Victorine Meurent is one of these models that capture my attention.

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Manet, Edouard (1832-1883) - The Street Singer, 1862, Museum of Fine Arts, Boston

Victorine Meurent was a famous model for painters such as Edgar Degas, Alfred Stevens, and especially, Édouard Manet. Born to a family of artisans, Meurent came from a poor, working-class background. She began modeling at the age of sixteen with Thomas Couture, as well as performing musically in cafés during her years. And she had a powerful desire and firm ambition to make a name for herself as a female artist (which she did succeed in fulfilling by taking painting classes at the Académie Julian and having her works appear at the 1876 Salon and other future exhibitions). Meurent was known as Manet’s favorite model, appearing in numerous, gender-breaking works, that defied the constraints and moral commonalities of society. In these works, the modern desires and personalities of both Meurent and Manet rise to the surface. Meurent’s own independence appears, her desire to tear away at gender norms and to succeed in a profession not readily acceptant of women, her desire to live a life uncommon for women at the time in society and to paint freely, without restriction. Manet’s naturalistic depiction of the world appears, his creative, avant-garde mindset that wanted to challenge the traditional rules around him.

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The fashions in these works help to further reveal these thoughts of autonomy and conviction and these actions of rebellion and defiance. In Manet’s works such as Young Lady in 1866…(shown above), Victorine Meurent is depicted wearing a pale pink, satin dressing gown, a peignoir, that is only meant to be seen and worn indoors. This visibly intimate article of undress and Meurent’s teasing pose help to signify both Meurent’s and Manet’s modern outlooks on society and life, in general. Meurent is not painted with the following and praise of conservative, customary guidelines–Meurent is painted as a woman with a brazen attitude and a seductive stance, a woman of a modern era. With the fashionable item of the peignoir worn, the alluring quality of boldness within Meurent is shown.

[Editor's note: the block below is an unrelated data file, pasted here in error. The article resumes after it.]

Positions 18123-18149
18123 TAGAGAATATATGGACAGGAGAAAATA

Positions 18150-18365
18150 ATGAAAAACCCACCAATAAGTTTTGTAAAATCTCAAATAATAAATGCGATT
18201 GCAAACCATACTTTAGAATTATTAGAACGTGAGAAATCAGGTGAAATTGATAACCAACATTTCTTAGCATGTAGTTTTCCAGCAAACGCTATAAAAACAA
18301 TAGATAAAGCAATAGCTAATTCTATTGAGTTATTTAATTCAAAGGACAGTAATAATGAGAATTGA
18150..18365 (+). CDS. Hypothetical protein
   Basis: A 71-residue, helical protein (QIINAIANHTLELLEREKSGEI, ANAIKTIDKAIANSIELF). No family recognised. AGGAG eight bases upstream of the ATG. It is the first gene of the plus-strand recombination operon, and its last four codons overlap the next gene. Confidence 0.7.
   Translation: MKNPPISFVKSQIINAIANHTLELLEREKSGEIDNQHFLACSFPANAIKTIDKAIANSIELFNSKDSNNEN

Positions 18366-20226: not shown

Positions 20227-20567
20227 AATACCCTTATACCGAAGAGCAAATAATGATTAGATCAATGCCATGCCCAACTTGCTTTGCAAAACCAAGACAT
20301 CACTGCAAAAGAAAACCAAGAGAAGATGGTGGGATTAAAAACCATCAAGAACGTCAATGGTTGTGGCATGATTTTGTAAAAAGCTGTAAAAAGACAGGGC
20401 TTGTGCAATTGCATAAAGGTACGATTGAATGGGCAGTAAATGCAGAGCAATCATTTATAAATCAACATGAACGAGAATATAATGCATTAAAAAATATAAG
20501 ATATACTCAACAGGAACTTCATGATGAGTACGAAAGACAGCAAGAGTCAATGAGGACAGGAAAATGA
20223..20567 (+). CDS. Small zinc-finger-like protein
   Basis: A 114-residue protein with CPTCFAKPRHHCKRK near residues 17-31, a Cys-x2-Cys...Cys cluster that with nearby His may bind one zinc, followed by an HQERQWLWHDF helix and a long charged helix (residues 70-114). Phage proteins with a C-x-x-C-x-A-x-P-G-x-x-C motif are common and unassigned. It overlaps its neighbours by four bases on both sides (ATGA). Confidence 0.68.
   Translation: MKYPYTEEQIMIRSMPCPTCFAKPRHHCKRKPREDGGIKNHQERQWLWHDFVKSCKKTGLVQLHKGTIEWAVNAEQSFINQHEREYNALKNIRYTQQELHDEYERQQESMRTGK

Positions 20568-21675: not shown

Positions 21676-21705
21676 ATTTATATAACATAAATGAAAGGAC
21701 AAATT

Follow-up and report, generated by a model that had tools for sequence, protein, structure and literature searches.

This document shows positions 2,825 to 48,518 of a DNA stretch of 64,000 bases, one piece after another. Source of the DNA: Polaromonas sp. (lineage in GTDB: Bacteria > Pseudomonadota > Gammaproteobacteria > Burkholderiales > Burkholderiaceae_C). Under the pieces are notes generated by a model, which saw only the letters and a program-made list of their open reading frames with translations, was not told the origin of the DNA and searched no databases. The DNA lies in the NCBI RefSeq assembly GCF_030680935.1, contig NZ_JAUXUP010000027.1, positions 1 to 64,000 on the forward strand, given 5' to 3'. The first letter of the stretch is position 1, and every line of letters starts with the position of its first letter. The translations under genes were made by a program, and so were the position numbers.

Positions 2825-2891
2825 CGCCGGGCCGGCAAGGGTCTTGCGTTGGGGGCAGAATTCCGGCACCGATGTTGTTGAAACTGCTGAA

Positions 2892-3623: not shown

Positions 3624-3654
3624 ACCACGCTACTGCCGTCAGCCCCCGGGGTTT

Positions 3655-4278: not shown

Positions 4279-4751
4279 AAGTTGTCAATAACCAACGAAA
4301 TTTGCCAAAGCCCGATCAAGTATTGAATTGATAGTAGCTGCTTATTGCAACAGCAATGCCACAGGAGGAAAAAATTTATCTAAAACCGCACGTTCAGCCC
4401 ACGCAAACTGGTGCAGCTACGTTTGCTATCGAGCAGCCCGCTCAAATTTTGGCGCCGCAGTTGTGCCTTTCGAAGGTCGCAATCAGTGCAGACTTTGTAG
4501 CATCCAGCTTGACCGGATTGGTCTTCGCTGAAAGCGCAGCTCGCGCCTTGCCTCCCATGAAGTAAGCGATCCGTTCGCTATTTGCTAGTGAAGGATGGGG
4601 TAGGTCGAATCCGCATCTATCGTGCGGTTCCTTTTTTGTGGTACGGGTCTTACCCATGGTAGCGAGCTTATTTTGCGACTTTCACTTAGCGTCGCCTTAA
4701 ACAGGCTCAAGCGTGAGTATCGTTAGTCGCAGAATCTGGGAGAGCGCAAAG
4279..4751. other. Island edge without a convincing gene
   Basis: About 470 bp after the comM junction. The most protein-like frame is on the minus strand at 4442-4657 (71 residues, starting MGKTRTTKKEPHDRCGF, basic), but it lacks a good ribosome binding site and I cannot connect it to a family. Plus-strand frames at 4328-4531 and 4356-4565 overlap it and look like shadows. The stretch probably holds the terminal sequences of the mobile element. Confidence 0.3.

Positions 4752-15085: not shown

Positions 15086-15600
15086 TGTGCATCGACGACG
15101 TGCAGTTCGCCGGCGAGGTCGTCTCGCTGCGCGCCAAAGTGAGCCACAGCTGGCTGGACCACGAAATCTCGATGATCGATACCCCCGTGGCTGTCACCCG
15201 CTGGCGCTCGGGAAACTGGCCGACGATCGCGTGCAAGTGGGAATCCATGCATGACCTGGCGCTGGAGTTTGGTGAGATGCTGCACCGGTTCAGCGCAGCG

In Manet’s works such as Luncheon on the Grass (Le déjeuner sur l’herbe)…(as previously shown in my May inspiration post, Barriers and Constraints are Broken), Meurent is depicted as a woman unafraid of judgements and established traditions. She is depicted as a woman who is proud of herself, her mind and her body, and uncaring of the rules society enforces. Meurent’s lack of clothing, along with the background female’s sheer white day dress, contrasting with the full contemporary day wear fashions of constrictive black coats and collard shirts worn by the surrounding men, further emphasizes Meurent’s own personal desire to break gender restrictions and Manet’s wish to remove restrictive moral conventionalities from expression. Victorine Meurent stares at the viewer with an aura of calmness, confidence, and modernity, demolishing female stereotypes and embracing liberation.

The female figures are fascinating in artistic works…

And the lives these women (models) behind the paintings really lived are just as fascinating.